Jan. 14, 2020 – In this recording, Alaska Press Club members heard from Chad Sant, a former educator in the Anchorage School District who taught government, U.S. history, debate and more for nearly three decades.
Sant’s presentation covered the basics of the legislative process and how to use the legislature’s website to gather information about bills.
Each legislature consists of two sessions, lasting for a period of 90 days each in Juneau (although special sessions can be called by the governor or lawmakers). The Alaska Legislature is bicameral, meaning it is made up of two chambers: the House of Representatives and the Senate. The House of Representatives has 40 members who serve two-year terms, and is presided over by the Speaker of the House. The Senate has 20 members who serve four-year terms, and is presided over by the Senate President.
Each member represents one of the 20 senate districts in the state. Each senate district has two corresponding house districts. For example, Senate District A encompasses House District 1 and 2; Senate District B encompasses House District 3 and 4.
Bills — and ultimately laws — all begin as ideas. An idea can come from a legislator, group of legislators, a committee, the governor, a non-professional group, a lobbyist and individual citizens who ultimately take their idea and get the ball rolling.
If a citizen can’t find a legislator to support or sponsor their idea, they can always start a petition. If successful, it becomes a proposition — also known as a ballot measure — and goes before voters.
“There are rules about petitions. Doing it that way, not finding a lawmaker, is a way to get your idea on to a ballot in front of Alaskans,” Sant said during his presentation. “Or, in front of a region of Alaska — sometimes petitions are only about one political unit in Alaska and not a statewide issue.”
All bills must be introduced by a legislator, legislative committee or the governor via the Rules Committee. Not all states allow the governor to introduce bills, but Alaska can.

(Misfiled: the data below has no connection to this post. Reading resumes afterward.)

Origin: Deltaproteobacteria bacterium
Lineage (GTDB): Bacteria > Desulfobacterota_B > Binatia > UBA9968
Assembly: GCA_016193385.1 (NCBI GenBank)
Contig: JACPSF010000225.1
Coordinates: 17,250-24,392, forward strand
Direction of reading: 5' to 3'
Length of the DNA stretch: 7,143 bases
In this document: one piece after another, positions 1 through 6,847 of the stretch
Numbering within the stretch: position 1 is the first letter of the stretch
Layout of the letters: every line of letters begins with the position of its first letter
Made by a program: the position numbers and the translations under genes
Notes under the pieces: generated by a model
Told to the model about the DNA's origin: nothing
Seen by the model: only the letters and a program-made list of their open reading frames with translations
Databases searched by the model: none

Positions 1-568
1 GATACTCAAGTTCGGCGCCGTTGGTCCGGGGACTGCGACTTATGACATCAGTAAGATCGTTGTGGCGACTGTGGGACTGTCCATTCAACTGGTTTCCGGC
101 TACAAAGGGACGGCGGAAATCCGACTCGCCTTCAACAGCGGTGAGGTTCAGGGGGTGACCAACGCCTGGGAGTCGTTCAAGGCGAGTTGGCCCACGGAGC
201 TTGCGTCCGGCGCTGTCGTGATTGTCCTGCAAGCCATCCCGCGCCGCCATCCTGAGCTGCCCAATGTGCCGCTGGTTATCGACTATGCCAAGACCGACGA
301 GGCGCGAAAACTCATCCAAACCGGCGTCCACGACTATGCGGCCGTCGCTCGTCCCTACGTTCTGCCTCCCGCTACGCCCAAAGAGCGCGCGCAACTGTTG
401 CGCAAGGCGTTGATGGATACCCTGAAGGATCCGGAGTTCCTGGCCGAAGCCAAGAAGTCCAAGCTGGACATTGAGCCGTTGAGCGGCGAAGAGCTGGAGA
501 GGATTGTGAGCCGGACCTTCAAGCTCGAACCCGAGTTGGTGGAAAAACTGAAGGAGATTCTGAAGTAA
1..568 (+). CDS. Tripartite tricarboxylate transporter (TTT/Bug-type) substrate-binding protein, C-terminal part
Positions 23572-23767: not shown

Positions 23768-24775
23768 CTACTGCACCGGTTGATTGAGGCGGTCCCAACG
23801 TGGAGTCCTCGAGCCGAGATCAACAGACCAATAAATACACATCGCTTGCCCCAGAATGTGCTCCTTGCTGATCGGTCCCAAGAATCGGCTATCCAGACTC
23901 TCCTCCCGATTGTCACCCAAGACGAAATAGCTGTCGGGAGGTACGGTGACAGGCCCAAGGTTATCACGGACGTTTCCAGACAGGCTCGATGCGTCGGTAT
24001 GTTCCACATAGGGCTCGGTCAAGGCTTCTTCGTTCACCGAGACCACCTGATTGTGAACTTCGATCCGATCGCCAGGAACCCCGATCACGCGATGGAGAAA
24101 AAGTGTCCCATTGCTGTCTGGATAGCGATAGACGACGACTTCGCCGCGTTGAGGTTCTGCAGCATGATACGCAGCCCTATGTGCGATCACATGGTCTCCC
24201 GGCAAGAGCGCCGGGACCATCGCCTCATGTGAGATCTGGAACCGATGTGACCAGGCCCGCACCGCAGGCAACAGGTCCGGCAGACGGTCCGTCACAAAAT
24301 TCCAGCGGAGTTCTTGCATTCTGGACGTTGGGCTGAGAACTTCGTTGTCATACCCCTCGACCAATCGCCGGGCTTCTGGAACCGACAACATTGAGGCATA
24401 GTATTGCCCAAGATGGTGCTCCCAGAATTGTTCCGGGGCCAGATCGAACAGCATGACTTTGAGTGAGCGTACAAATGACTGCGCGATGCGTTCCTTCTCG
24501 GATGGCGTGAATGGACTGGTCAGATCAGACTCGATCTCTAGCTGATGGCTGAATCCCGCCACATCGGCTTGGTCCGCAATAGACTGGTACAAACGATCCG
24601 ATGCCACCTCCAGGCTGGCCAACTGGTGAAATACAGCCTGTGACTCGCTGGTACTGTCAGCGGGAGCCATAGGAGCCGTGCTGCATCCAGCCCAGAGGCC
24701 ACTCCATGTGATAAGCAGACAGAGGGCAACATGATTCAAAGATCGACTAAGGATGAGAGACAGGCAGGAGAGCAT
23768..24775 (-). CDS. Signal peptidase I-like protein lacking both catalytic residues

First, the bill is drafted and printed. This is done by the Legislative Affairs Agency. The bill is then introduced by the sponsor during the floor session of the House or the Senate — depending on which chamber the bill originated in. This is known as the first reading. The bill is then referred to committees.
Each body has 10 standing committees which consider issues within their jurisdiction: education, finance, health and social services, judiciary, labor and commerce, community and regional affairs, resources, rules, transportation and state affairs. All committees have an elected chairperson who is responsible for whether a bill will be considered or tabled. Each committee has an odd number of members presided over by a chairperson. In order to conduct business, half the number of members, plus one, must be present — otherwise known as a quorum.
Once a bill has been referred to committee, a hearing may be held — if it pleases the chair. The sponsor presents the bill to the committee, public testimony is heard and the committee members debate the matter. Then, modification, additions or deletions to the bill may be suggested and adopted (also known as amendments). When formal debate has concluded, members vote to move the bill out of committee, again, if it pleases the chair. The bill moves on to its next committee or referral. After the bill has moved through all of its committees of referral, it is scheduled for floor action.
“This is confusing because some people think all bills have to go through all committees — that’s not true,” Sant said. “Sometimes, they have to go through two, sometimes they have to go through five — depending on the bill and depending on which of those committees might have a vested interest in it.”
Further amendments are added during the second reading. The bill moves onto the third reading — usually the next day the House convenes. Here, it is voted on for final passage — an affirmative vote by a majority of the full body. If the bill travels through the entire process without additional changes, the final version is signed by the Senate President and the Speaker of the House and delivered to the governor.
At this point, the governor may sign the bill into law, allow the bill to become law without their signature or veto the bill. A veto is an official action by the governor which nullifies the action of the legislature. If the bill has not been vetoed, it will become law 90 days later — unless a different effective date is specified within the bill. Alaskan governors may also use the power of the line-item veto — typically relating to budgetary issues.
Now that the bill has become law, it is called an act. The act is given a chapter number and becomes a session law. Session laws are reviewed by the Legislative Affairs Agency and then sent to be published. When published, it is now part of the codified body of laws, enacted by the Legislature and known as the Alaska Statutes.
The legislature convenes at the capitol each year on the third Tuesday in January. The first and second regular sessions are limited in statute to 90 days (AS 24.05.150), but the constitution allows for 121 days (Article 2, Section 8).
Missed Chad’s session? You can watch the full video here.